ventricular myocytes
   Remodeling occurs in response to many of the same factors which
    initiate HF. The most important factors include 1) chronic
    pressure/volume overload (via activation of myocardial paracrine and
    autocrine growth and trophic pathways, ventricular hypertrophy and
    dilation ensue) and 2) neurohormonal activation (e.g., epinephrine,
    norepinephrine, angiotensin II, aldosterone).
   Neurohormonal activation results in peripheral vasoconstriction and
    sodium retention and important direct hormonal myocardial effects.
    Both peripheral neurohormonal activation (kidney, vascular
    endothelium) and intrinsic myocardial neurohormonal activation
    (myocardial RAS system and cytokine production) are important.
   The current chronic oral pharmacological therapies which reduce
    mortality in systolic HF are all neurohormonal antagonists (ACEI,
    β-blockers, spironolactone) which have effects on blunting both
    the peripheral and myocardial neurohormonal activation which
    characterizes HF.
   The primary current therapeutic target in chronic systolic HF is
    the prevention of progressive adverse ventricular remodeling
    with neurohormonal antagonists.

Non-pharmacologic General Therapeutic Measures for HF

General counseling

Prognosis

Activity recommendations

Dietary recommendations

Medications

Importance of Compliance with the Treatment/Care Plan

Pharmacological Therapy of HF: Goals and Principles

 Goals of Pharmacological Therapy
 Relieve symptoms and signs of congestion
 Relieve symptoms and signs of inadequate perfusion
 Inhibit ventricular remodeling
 Improve quality of life
 Prolong survival


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Principles of Pharmacological Therapy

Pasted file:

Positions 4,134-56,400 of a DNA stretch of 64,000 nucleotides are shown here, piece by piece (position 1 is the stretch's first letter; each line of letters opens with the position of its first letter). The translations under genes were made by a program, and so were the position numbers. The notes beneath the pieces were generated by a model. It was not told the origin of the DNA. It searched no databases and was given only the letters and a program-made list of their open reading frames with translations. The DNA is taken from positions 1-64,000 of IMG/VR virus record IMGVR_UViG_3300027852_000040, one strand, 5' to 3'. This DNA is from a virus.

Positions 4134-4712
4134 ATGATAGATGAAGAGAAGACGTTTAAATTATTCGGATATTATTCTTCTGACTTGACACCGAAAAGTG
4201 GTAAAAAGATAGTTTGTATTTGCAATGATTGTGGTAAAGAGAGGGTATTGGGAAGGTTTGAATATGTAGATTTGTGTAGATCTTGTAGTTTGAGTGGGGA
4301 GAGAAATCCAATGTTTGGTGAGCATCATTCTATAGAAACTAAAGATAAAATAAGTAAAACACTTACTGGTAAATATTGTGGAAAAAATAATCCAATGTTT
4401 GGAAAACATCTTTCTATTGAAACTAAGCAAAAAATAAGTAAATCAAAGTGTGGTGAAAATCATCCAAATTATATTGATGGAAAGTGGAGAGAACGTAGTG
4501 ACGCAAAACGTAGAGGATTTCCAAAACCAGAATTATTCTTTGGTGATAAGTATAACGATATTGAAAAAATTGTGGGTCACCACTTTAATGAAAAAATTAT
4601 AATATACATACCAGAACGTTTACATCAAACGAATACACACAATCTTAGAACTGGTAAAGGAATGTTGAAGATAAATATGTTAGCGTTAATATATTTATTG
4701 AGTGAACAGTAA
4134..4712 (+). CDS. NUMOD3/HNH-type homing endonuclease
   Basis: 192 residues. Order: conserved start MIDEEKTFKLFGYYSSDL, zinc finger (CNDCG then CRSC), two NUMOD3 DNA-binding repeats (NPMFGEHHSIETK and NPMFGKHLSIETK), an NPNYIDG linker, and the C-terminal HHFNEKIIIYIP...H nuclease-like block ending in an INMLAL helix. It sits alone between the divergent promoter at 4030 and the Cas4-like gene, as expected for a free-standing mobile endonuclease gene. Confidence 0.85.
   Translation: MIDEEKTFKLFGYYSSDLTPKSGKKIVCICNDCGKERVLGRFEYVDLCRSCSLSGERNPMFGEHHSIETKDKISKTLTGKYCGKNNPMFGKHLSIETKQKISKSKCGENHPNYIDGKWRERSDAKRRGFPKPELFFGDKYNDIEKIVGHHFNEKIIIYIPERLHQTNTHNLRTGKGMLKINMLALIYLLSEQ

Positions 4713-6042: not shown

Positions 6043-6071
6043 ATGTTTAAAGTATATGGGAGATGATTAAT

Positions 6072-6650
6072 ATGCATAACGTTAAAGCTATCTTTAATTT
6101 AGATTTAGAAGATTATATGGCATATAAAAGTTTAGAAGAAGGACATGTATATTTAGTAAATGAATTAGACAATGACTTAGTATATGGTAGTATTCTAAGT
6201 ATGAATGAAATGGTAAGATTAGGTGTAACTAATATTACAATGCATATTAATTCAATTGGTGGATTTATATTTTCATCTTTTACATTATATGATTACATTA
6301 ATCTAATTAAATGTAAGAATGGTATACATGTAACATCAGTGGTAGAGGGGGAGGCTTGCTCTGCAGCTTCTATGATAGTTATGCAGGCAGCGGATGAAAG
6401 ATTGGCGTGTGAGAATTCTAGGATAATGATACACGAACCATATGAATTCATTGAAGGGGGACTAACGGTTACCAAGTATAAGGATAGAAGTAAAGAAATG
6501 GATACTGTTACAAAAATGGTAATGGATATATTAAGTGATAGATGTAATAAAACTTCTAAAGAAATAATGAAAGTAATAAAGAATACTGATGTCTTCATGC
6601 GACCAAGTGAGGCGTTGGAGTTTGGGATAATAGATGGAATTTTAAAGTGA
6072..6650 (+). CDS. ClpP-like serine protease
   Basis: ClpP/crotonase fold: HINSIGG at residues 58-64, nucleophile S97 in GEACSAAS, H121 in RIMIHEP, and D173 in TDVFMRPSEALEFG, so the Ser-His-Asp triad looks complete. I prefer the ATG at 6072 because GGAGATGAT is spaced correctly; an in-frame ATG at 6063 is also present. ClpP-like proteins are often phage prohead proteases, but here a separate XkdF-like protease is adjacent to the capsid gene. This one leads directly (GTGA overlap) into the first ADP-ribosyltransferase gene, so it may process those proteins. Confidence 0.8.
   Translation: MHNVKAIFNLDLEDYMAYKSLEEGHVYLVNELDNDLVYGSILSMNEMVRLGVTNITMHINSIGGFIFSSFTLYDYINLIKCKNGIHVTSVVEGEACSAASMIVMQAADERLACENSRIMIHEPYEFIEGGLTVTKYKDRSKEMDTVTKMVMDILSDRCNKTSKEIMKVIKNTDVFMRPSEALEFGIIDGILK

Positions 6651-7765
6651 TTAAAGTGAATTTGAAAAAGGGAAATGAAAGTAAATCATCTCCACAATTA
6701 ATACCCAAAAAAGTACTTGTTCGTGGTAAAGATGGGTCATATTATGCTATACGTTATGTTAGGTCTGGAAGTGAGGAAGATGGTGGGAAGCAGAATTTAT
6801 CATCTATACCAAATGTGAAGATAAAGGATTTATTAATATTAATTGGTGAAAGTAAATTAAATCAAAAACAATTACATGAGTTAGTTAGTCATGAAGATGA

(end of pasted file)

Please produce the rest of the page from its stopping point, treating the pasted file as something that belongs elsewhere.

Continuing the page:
 “Let’s take the congestion out of congestive heart failure…”-Lynne
   Warner Stevenson
A stable congestion-free state should always be the “background” upon
whichneurohormonal antagonists are titrated/adjusted. This is achieved
by appropriate dosage of maintenance diuretics, a flexible sliding-scale
diuretic regimen based upon daily weights, dietary restriction of sodium
in all patients (2,000 mg/d) and dietary restriction of total daily fluid
intake in most patients (2-3 L/d).
 Anti-remodeling by neurohormonal antagonism (ACEI, -blockers,
    spironolactone) should be advanced at least to doses achieved in
    clinical mortality trials whenever possible

Specific Pharmacological Agents

Diuretics

   Diuretics have never been studied in clinical trials in heart failure
    although they obviously play a key role in acute symptom relief and
    chronic management via “clamping preload”.
   In general, the goal in treating chronic HF should be to titrate to the
    minimum effective dose of diuretic required to control symptoms and
    volume.
   Since patients with heart failure often exhibit diuretic “resistance”,
    they often require high or escalating doses of diuretics as the severity
    of HF progresses.
   Excessive use of diuretics however may be harmful in HF as it
    promotes volume depletion and resultant reflex activation of the
    sympathetic nervous system and renin-angiotensin system (i.e.,
    excessive diuretic use acts as a “neurohormonal agonist”.
   Since diuretic therapy usually results in prompt and gratifying
    symptom relief in episodes of acute HF decompensation, patients (and
    sometimes their physicians) sometimes over-rely on the short-term
    benefits of diuretic therapy and do not focus instead on the longer-
    term benefits of neurohormonal antagonists.
   In general, patients with mild volume overload and preserved
    creatinine clearances may be treated with a thiazide diuretic.
   Patients with more severe volume overload, estimated creatinine
    clearances less than 30 mL/min or persistent edema despite a
    thiazide require a loop diuretic, usually furosemide.
   Proper diuretic dosing depends on size, age, renal function, ACEI
    dosing, compliance with dietary sodium restriction and the amount of
    edema present.